Skip to site navigation

Andrew's diary > Writings > Diary
<<< 06/2005 January Feburary March April May June July August September October November December 08/2005 >>>

Wednesday, 27 July 2005

Having finished Mary Krosse's excellent Labyrinth set around here (Carcasonne), I picked up Dan Brown's The Digital Fortress off the villa's bookshelf.

Labyrinth explores a secret society guarding the mysteries of the Grail for centuries - and those who would exploit the vicious Crusade against the Cathars in 13th Century France to gain access to its power. The story neatly steps between 1209 (the siege of Carcasonne) and July 2005 with the plot neatly unfolding between the two intertwined stories.

Since the The Da Vinci Code supposedly deals with similar secret societies, the Church and its secrets; and so many people rave about it (criticising those who dismiss it as "intellectual snobs"), I thought I'd give Dan Brown a chance on a book a lot less like Labyrinth, close to hand but still dealing with conspiracies, far flung locations and a twisting plot to keep the interest up.

Unfortunately, I think it's quite possibly the worst book I've ever read. The Digital Fortress ventures into the morally questionable area of information espionage: specifically the NSA. The premise is that the NSA have secretly built a machine capable of breaking any encryption algorithm in under three hours; and typically within minutes: allowing them to read all PGP-encrypted email flowing across the Internet. However, a previous NSA employee has created an unbreakable algorithm with a "rotating cleartext" - who wants it, who's killing to get it, and is everyone telling the truth?

Well, the answer to all of those questions is obvious from the moment the plot is laid out: it's ponderous, predictable and (if you'll excuse the pulpish simile) with dialogue as clumsy as two hedgehogs on their wedding night. It's full of technical inaccuracies and downright lies: encryption algorithms shouldn't rely on being unknown to be secure (the point of a good encryption algorithm is that it shouldn't matter if anyone else knows the algorithm - if they don't know the key, they can't decrypt it); typical Hollywood-style computers which can "trace" an email account without the recipient having to do anything; viruses which seem to affect any computer system, even uniquely designed ones; "But it's a 64-bit key; no-one would be able to remember all sixty four [sic] characters!"); clumsy use of terminology and trademarks, such as "X-eleven". And that's not an exhaustive list. These don't matter in a Hollywood film if the other elements of the film are enjoyable and well done, however this is supposedly a well-researched novel and these things just jump out of the page. For example, is it really worth a novel describing a useless (and highly improbable) graphical display of the defences of the NSA being worn down and hackers from the EFF (oh yes, did I mention the author doesn't seem to like civil libertarians very much?) circling like sharks?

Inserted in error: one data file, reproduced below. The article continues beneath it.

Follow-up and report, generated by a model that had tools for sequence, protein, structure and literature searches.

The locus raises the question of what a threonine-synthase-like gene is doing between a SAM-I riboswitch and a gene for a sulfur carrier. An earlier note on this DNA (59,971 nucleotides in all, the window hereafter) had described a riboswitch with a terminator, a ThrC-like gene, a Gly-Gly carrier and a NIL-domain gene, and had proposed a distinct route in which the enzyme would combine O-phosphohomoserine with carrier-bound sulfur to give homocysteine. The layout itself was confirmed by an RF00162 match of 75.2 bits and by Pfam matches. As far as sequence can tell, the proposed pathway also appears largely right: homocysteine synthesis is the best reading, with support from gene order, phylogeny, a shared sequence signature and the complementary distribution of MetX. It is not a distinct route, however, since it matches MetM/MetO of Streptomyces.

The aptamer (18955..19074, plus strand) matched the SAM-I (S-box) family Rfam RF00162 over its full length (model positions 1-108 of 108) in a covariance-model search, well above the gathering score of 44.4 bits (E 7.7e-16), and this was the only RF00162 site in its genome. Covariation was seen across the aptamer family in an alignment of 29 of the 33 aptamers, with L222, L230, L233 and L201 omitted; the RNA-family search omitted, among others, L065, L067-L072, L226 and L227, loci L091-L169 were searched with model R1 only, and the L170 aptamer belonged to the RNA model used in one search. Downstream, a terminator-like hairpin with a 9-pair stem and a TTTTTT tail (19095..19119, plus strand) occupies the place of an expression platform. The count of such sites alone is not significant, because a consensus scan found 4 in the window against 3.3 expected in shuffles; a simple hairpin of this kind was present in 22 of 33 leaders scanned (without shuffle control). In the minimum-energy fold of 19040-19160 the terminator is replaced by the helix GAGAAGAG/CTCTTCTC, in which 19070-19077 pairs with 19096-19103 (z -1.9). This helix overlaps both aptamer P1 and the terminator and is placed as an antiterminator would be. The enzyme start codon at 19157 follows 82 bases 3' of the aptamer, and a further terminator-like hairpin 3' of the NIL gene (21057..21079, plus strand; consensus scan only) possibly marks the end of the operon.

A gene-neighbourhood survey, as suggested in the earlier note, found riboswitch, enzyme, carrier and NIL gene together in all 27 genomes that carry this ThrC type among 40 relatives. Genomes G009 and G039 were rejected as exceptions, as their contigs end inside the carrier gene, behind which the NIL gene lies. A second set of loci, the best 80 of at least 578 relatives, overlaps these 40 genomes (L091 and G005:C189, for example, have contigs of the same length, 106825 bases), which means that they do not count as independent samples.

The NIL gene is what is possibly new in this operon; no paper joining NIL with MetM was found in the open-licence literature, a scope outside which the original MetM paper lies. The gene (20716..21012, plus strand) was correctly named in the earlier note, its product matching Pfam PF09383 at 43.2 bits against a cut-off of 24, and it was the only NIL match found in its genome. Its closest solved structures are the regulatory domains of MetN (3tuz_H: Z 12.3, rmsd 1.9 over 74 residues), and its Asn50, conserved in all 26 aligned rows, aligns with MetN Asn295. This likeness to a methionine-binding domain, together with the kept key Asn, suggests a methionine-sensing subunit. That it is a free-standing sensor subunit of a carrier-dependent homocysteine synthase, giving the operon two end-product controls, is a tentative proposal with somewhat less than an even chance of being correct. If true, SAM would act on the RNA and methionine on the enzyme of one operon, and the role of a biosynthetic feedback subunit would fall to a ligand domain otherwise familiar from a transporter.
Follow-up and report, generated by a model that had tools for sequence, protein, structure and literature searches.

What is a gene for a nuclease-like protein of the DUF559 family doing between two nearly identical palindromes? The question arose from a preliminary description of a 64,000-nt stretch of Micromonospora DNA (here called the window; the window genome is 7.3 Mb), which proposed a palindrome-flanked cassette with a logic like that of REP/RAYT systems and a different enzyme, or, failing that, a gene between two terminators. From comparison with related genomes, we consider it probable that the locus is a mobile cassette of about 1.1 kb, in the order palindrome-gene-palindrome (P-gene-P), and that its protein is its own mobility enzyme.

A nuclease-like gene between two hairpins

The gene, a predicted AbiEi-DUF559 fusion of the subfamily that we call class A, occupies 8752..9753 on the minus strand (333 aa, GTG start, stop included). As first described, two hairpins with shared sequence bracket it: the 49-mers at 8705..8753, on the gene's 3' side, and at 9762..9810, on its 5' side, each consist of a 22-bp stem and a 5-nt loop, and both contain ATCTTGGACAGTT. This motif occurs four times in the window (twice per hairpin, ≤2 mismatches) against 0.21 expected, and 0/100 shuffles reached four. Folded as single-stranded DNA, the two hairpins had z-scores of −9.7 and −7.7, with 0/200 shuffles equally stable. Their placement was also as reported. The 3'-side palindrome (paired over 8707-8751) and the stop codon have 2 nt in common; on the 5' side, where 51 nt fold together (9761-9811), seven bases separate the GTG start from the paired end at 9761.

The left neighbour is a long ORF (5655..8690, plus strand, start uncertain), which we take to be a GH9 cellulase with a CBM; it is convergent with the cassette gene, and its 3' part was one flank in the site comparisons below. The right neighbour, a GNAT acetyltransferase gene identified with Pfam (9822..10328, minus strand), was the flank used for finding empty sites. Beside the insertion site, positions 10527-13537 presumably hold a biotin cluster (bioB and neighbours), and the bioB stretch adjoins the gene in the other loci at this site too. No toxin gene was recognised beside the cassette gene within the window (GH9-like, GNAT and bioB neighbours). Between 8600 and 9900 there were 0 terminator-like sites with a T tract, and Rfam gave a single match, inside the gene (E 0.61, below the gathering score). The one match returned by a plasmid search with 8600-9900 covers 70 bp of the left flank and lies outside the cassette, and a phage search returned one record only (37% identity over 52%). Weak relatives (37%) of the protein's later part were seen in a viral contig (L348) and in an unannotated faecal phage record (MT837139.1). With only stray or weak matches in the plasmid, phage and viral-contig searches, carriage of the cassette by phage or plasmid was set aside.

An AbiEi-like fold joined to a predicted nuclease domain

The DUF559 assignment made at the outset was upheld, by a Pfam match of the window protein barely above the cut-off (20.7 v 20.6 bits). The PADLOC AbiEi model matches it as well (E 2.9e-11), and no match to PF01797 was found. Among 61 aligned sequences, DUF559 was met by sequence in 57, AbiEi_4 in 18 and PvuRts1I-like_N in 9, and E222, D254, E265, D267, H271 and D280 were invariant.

Technical accuracy is one thing which, to me, is important. Others may disagree. However, the characters which are in other ways unbelievably super-intelligent and insightful (or so we are led to believe) act foolishly and unbelievably stupidly just to drag out the pointless denou&egrav;ment with the defences being slowly eaten away. Each chapter seems to end with a cliffhanger, even when it's obvious they're - at most - only hanging from the edge of a small step... or perhaps a crease in the brow of anyone reading it. Numerous times towards the end of the book I was literally shouting across the breezy day the answer which should have been obvious to the main characters: no cryptographer is going to think "prime" means "primary" ahead of the mathematical definition.